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 | By Joey Reistroffer

When Men Discern Out of Seminary

Nick Shiver and Patrick Judd called the seminary a launching pad into life.

Both buckled up for this spiritual flight that rocketed deep into their souls. While there, they discovered who they really were as men and what plans God has for them.

The path to the priesthood helps men find and define themselves, they agreed. And, sometimes, it forces them to reroute.

That is what happened to Shiver and Judd, who are still dedicated to serving the Lord — just not as priests.

“I felt called to enter the domestic priesthood,” Judd said.

The philosophy and theology courses he took in the seminary pointed the way.

“Classical philosophy is all based on logic. It cuts through the fluff,” he added. “It trained me how to think, how to look at different issues and pick them apart. If something was true, you couldn’t pick it apart.” This realization led him to the legal field. “It was a natural steppingstone.”

A natural step, perhaps, but not an easy one.

Judd entered the seminary after graduating from high school in 2014. He was inspired by St. John Paul II who said, “Be not afraid.” So, Judd was not afraid to take that initial step closer to the Lord. 

“I’m going to give God the first shot and see if I’m called to be a priest,” he said, and added that he will never regret his time in the seminary. “Those years were ... an incredibly positive experience, and the most informative time in my life.”

He said his two years at Holy Trinity Seminary in Dallas and two years at Catholic University of America in Washington, D.C., helped mold him as a young man and taught him how to be a good Catholic.

Nevertheless, Judd felt God pulling him in a different direction. He felt God had another plan for him.

“The reasons I chose to enter the seminary were the same reasons I chose to leave,” he said. So trusting in God, Judd said he left, kept praying, and God’s plan began to unfold. 

“I met a beautiful woman soon after leaving the seminary, and I wholeheartedly stepped into that relationship,” he said.

Now Judd is married, has a baby and is practicing law in Alabama.

“I’m very happy,” he said.

Nick Shiver was the best man at Judd’s wedding.

Shiver did not go directly into the seminary after graduating from Bishop England High School in Charleston. Instead, he played football at West Point for two years. While there, he said he developed a solid rapport with the priests, and he loved the military discipline.

Those priests were instrumental in helping him discern his way into the seminary, Shiver said, adding that he also met the vocations director of the Diocese of Charleston while in high school. That was when Shiver said he felt God calling him to a vocation.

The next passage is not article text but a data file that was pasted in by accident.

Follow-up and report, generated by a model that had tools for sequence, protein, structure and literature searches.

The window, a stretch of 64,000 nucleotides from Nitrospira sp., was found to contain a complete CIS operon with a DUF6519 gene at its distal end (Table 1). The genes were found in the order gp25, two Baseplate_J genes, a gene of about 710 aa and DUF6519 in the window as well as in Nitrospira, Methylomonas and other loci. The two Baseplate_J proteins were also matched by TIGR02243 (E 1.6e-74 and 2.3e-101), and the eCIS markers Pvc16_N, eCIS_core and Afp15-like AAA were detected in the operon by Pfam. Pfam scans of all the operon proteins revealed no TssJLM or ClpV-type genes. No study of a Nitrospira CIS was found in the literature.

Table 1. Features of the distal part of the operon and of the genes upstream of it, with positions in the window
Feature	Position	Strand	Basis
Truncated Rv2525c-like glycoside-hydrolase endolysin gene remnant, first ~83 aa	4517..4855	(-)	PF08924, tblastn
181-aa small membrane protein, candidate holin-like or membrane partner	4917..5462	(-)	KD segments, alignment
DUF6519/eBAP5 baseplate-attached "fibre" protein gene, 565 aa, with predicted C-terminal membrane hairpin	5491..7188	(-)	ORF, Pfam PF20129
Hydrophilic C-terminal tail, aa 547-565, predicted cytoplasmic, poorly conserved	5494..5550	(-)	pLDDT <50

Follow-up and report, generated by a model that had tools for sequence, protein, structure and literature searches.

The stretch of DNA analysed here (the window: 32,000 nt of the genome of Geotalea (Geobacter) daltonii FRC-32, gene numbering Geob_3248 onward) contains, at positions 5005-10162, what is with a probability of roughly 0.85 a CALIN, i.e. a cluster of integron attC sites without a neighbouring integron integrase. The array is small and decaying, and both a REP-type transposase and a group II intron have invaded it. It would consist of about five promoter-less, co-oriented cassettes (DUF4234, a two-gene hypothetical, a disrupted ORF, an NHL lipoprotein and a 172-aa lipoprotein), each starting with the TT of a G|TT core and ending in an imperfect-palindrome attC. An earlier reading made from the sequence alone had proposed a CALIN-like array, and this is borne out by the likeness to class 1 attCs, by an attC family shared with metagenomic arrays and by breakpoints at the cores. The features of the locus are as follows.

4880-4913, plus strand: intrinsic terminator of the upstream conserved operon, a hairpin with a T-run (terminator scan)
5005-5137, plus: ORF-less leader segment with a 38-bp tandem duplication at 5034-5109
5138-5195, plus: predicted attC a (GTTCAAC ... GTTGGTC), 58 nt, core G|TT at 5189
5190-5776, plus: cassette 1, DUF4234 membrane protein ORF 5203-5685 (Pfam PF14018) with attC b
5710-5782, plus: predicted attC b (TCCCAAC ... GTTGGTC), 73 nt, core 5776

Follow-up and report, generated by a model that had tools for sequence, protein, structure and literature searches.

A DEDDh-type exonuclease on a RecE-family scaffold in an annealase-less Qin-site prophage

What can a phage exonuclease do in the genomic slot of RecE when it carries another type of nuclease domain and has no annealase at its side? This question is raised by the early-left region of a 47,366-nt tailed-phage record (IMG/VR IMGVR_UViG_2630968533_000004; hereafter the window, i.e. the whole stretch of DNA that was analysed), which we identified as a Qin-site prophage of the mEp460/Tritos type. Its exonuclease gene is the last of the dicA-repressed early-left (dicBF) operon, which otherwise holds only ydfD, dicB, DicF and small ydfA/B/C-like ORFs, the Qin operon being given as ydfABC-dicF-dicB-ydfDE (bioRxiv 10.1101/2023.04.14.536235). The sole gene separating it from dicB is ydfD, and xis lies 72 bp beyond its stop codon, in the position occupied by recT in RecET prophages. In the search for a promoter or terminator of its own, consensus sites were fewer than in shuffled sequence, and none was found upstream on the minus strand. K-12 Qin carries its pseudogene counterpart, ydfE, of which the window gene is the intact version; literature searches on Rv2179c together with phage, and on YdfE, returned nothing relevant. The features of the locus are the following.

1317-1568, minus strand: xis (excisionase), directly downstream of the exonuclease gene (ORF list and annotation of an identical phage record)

“I was eager. I wanted to know. Having to wait would be difficult for me,” he said.

So after two years at West Point, Shiver answered God’s call. 

“There were no retreats and no meet-and-greets. My first time at the seminary was when I showed up,” he said.

That was also at Holy Trinity in Dallas, and Shiver said he was drawn to the strong spirituality of Father Jim Swift, CM, the rector from

“He’s been a force in my life,” Shiver said.

He said he was drawn to the discipline of the seminary because he likes structure.

Shiver thrived at Holy Trinity, then took the next step of his formation to Catholic University.

“The philosophy program there is world-class,” he said, and he also enjoyed the Dominican House of Studies, dedicated to formation of friars, which was next door. Seminary camaraderie also was fantastic.

“We had guys from all over. Guys from Texas, North Carolina, South Carolina and Florida. I was blessed. I met my best friends there in D.C.,” he said.

As a young man, Shiver embraced the spiritual growth of the seminary but something was missing.

“I needed space to be able to grow independently,” he said. “I was not where I was supposed to be.”

Then his seminary studies took him to Florida, but in the fall of 2020, Shiver decided to take a break. He needed some time to himself to think. He went to New Orleans in January 2021.

“This was my place of space,” Shiver said. “I had some friends that way. I knew New Orleans was a Catholic city, a port city. It was familiar to me. New Orleans was very family-oriented.” 

While there, he savored the culture and the mouth-watering cuisine, finding his way in the restaurant business. That is when Shiver began to pursue a new path in his life.

“God was not pulling my heart back into the seminary,” he said, though, “I like working with people; I like serving people.”

So, he went back to college and now is working on his Master’s in Health Administration at the University of South Carolina. Along the way, a friendship began to grow with a young woman who “knew my high school friends … I had no idea that we would be together,” Shiver said.

That friendship blossomed, and they were married on Aug. 6, 2022.

Patrick Judd was the best man at Shiver’s wedding.

Reflecting on his four and a half years in the seminary, Shiver said he will carry his Catholic values forward “wherever I’m called to work.” That growth is a part of him.

“I wouldn’t trade those years of formation for anything,” he said. “I feel like I have a better perspective on things.
I feel grateful to have had that experience.”

Judd agreed, saying that “all young men — all Catholic men — should discern the priesthood. It’s such a positive experience.”

And, for those who do not become priests, it serves as a launching pad into other vocations and blessedly another way to build Catholic families.

Joseph Reistroffer is a long-time writer who teaches religious education classes at St. Paul the Apostle Church in Spartanburg. Email him at